The supply chain has struggled to overcome a seemingly endless stream of disruptions since the onset of a global pandemic at the beginning of 2020. For logistics professionals, COVID-19 has been similar to a never-ending game of Whack-a-Mole — as soon as one problem seems sufficiently dealt with, another always seems to quickly pop up.
Though supply chain and logistics professionals have begun to plan for a post-pandemic new normal, the logistics sector will continue to feel the impact of COVID-19 for some time to come. Here are some of the COVID-19 related challenges that continue to have an impact on supply chain and logistics operations.
Where’s My Container?
A little as 10 years ago, importers and exporters were faced with a growing container glut. Ports and shipping lines were selling off excess containers at rock bottom rates for creative repurposing as homes, offices, backyard sheds, and more. Now, the international shipping sector has the opposite problem — there simply aren’t enough containers to go around, with shortages expected to continue into 2022.
The container shortage relates directly to COVID-19. Retailers have been buying in larger quantities as they strive to meet higher demand spurred by a recovering economy. Unfortunately, ongoing port delays, higher average ocean container losses, and higher container usage have filled up the world’s limited supply of containers. Until delays begin to ease, and full containers get recovered from ships and ports for unloading, the container problem will remain.
Resiliency and Agility Over Cost
Most businesses have spent the last few decades paring down their supply chains to deliver goods as affordably as possible. Just-in-Time (JIT) inventory management strategies have been employed to reduce the cost of storing inventory longer than necessary. During the pandemic, however, businesses around the world realized very quickly how fragile their supply chains had become due to these cost-saving practices.
As a result of COVID-19, the majority of businesses have demonstrated a willingness to spend more if it will lower the risk of supply chain disruption. Measures for building better agility and resiliency into supply chains may include:
- Reshoring production or logistics assets to shorten supply chains
- Investing in technology to improve shipment visibility
- Carrying higher volumes of inventory
- Hiring a third-party logistics (3PL) partner to firm up supply chain capabilities
Capacity Issues Everywhere
The term “capacity shortage” has become all-too-familiar to any logistics, supply chain, or transportation stakeholder, with capacity issues plaguing multiple sectors:
- The industrial real estate sector continues to experience extremely low capacity due to the pandemic-fueled e-commerce boom and a few other trends, making it difficult for growing businesses to expand into bigger fulfillment centers near key markets.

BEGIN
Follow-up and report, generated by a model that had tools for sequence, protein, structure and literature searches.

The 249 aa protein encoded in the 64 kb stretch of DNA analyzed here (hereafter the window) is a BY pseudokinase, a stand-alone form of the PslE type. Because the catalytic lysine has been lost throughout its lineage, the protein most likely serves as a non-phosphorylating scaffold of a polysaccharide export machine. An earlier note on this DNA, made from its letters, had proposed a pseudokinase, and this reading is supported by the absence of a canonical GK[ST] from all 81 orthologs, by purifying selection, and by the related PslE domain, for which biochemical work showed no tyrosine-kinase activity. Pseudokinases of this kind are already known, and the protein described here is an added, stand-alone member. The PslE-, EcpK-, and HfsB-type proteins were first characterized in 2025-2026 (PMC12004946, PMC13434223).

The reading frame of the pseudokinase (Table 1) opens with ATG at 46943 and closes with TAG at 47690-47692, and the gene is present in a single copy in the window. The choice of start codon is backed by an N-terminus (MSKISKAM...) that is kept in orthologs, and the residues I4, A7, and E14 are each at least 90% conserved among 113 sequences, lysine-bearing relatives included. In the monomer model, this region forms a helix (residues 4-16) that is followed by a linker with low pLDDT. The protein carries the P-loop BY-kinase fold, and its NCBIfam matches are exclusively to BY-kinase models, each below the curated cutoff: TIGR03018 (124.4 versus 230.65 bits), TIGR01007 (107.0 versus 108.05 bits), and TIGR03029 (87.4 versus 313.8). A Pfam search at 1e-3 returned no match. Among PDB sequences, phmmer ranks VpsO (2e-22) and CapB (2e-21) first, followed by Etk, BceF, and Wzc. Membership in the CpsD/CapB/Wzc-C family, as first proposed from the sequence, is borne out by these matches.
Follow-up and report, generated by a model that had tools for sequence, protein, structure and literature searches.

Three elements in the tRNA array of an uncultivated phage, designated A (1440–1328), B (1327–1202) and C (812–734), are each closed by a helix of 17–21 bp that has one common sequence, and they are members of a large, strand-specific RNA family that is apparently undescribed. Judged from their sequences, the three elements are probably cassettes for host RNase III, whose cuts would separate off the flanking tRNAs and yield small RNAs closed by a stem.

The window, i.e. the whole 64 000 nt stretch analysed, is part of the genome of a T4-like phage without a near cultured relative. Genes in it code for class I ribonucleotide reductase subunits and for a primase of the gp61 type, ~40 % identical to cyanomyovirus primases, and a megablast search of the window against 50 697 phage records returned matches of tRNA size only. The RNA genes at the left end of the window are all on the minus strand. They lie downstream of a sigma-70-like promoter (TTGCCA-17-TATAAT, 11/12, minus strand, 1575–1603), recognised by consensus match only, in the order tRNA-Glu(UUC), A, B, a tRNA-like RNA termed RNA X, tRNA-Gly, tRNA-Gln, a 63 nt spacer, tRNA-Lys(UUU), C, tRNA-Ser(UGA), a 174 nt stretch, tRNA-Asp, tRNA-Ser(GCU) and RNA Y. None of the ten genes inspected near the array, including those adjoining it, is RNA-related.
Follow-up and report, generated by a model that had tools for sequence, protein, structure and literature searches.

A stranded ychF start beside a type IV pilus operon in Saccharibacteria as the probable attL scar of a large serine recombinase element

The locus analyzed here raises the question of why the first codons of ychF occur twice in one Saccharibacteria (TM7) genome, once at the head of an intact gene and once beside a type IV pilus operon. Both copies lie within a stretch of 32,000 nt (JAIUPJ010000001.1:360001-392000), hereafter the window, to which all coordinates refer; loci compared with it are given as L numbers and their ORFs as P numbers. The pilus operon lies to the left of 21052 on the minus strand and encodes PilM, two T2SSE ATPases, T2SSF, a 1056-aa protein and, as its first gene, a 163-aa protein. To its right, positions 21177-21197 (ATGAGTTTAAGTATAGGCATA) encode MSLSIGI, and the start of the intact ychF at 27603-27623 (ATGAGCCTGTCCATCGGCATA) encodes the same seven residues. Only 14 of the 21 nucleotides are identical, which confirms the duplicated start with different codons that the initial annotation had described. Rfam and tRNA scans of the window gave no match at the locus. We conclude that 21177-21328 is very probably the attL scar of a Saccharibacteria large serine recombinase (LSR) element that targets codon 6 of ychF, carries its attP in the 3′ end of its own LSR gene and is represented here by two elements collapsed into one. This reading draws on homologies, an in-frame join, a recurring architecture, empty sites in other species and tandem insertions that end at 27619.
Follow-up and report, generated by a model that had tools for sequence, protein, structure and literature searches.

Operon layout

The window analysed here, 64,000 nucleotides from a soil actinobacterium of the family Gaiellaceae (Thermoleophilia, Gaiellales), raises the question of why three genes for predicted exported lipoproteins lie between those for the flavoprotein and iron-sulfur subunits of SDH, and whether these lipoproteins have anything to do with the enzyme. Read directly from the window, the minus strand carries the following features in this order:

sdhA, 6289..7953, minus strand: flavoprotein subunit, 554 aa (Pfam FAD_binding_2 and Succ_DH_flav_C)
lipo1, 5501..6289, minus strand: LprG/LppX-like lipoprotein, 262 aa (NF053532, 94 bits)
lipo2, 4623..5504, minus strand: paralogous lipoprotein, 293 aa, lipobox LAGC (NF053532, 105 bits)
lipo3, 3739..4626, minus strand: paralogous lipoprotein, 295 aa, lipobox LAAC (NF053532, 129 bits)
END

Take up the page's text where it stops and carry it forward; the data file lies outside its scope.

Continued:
- COVID-19 has made the trucking sector’s growing driver shortage even worse than it was pre-pandemic, and estimates had already showed a shortage of around 60,000 drivers near the end of 2019.
- S. seaports also have capacity problems, with ships often sitting at anchor for up to a week before they can get unloaded due to shortages of equipment and labor on the docks.
While most of these problems will continue to work themselves out as we move toward a post-pandemic future, they will undoubtedly plague the supply chain for the better part of 2021—and potentially beyond.
Get a Robot to Do It
Demand for automation technologies has taken off over the past year as logistics and transportation businesses seek to build more robust operations with a lower risk of disruption. In the face of labor shortages across the logistics and transportation sectors, warehouse operators have begun supplementing the workforce with robots. More than 50 percent of logistics providers say they will focus on automation to meet growing delivery demand. This year will also see the first automated trucks on the road with no operator on board. As businesses continue to seek ways to avoid disruption in the face of adversity, the popularity of automated capabilities will only grow.
About Phoenix Investors
Founded by Frank P. Crivello in 1994, Phoenix Investors and its affiliates (collectively “Phoenix”) are a leader in the acquisition, development, renovation, and repositioning of industrial facilities throughout the United States. Utilizing a disciplined investment approach and successful partnerships with institutional capital sources, corporations and public stakeholders, Phoenix has developed a proven track record of generating superior risk adjusted returns, while providing cost-efficient lease rates for its growing portfolio of national tenants. Its efforts inspire and drive the transformation and reinvigoration of the economic engines in the communities it serves. Phoenix continues to be defined by thoughtful relationships, sophisticated investment tools, cost efficient solutions, and a reputation for success.